Slain student's legacy expands to suicide prevention effort
Posted July 16, 2018 7:17 p.m. EDT
Cary, N.C. — More than 38,000 people kill themselves in the U.S. every year, according to the Centers for Disease Control and Prevention, but about 25 times that number attempt suicide and fail.
The Light House Project, a Muslim-based community service organization, reserved a theater at Regal Crossroads theater complex Monday night to show "The Ripple Effect," a documentary that organizers hope will raise awareness about suicide prevention.
"The Ripple Effect" highlights the journey of Kevin Hines, who attempted to take his life when he was 19 by jumping off the Golden Gate Bridge. The film shows how his suicide would have affected various people and how those people have been affected by advocacy work in the years since then. It also includes the stories of individuals and families who are using their personal tragedies to bring hope and healing to others.
"What I hope that they learn is simply that there is hope. Simply by coming out and talking, by coming out and sharing experiences, that you can get through crisis," said Dena Ali of The Light House Project.
The group was founded in honor of Deah Barakat, a Muslim dental student at the University of North Carolina at Chapel Hill who was killed, along with his wife and sister-in-law, in 2015 in what many people believed was a hate crime.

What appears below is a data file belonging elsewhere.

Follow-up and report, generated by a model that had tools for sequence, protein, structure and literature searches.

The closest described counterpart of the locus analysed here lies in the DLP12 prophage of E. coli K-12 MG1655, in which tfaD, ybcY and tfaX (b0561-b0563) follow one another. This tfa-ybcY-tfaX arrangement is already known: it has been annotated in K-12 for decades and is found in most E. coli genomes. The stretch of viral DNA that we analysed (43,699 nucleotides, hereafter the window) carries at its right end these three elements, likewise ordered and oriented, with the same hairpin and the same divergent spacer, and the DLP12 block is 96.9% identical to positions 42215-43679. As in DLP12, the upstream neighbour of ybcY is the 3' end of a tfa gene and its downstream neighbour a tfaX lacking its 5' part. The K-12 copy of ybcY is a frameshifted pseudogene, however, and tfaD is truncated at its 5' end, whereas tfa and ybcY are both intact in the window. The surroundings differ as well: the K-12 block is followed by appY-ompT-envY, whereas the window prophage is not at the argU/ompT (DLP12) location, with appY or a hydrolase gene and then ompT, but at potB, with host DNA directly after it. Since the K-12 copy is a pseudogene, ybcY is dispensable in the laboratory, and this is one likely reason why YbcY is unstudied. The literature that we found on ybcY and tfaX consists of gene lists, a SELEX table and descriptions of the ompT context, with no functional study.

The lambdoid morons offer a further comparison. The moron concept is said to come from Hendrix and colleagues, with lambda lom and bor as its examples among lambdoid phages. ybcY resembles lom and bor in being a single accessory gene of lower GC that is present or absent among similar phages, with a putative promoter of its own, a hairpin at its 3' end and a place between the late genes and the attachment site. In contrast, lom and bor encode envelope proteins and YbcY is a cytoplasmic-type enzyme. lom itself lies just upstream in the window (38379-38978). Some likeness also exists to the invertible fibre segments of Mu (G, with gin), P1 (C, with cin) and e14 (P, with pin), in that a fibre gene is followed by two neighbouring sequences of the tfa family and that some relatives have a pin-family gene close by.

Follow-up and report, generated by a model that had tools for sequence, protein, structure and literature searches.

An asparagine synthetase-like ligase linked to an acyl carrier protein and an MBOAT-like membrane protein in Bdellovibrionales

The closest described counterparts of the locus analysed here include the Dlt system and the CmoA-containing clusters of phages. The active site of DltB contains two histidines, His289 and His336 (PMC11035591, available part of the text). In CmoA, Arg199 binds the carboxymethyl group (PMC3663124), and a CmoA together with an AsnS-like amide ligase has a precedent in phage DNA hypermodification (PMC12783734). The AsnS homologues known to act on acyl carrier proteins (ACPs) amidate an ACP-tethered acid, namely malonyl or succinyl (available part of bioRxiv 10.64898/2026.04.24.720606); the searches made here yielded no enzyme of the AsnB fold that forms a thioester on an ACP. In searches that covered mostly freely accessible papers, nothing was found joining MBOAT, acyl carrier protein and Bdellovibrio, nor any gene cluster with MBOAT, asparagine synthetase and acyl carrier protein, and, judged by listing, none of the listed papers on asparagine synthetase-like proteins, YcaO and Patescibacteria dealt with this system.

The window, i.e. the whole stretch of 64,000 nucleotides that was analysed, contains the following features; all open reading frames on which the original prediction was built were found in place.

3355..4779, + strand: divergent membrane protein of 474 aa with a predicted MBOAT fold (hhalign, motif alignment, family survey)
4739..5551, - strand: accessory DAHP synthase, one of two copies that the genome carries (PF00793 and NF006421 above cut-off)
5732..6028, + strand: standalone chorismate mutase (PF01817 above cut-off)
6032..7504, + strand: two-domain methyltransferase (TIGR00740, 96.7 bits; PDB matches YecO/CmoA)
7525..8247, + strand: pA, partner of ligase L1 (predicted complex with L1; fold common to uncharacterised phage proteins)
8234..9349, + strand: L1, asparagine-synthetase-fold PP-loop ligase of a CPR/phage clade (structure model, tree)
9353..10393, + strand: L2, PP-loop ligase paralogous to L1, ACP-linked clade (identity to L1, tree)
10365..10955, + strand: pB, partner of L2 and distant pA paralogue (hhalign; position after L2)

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"I think what we created is beyond what he would have ever imagined," said Shadi Sadi, a friend of Barakat's.
Barakat had a passion for helping young people, Ali said, which is why The Light House Project decided to host a movie about suicide.
"For the Muslim community, we're taught what a sin suicide is," she said.
Yet, she added, many people often miss the signs of mental illness and depression in themselves and others that could signal the potential for suicide. Recent high-profile suicides of designer Kate Spade and television personality Anthony Bourdain show that even people who seem to have it all can suffer from depression.
"Among the Muslim youth, there were similar issues with mental health and a fear of disclosing mental health concerns," Ali said.
A Raleigh Fire Department captain and a graduate student, Ali said she became interested in the topic of suicide when she learned that firefighters are more likely to die from suicide than in the line of duty.
"Sometimes it takes a third party to look at you and say, 'What you went through is really difficult, and I understand why you are stressed. I'm here for you,'" she said. "Sometimes just hearing that from somebody, just realizing somebody understands you, is like taking a huge weight off your shoulders, and you can start to move towards healing rather than suffering in silence."
Monday night's showing of "The Ripple Effect" is already sold out, so the organizers said they are planning another showing on a date that hasn't yet been set.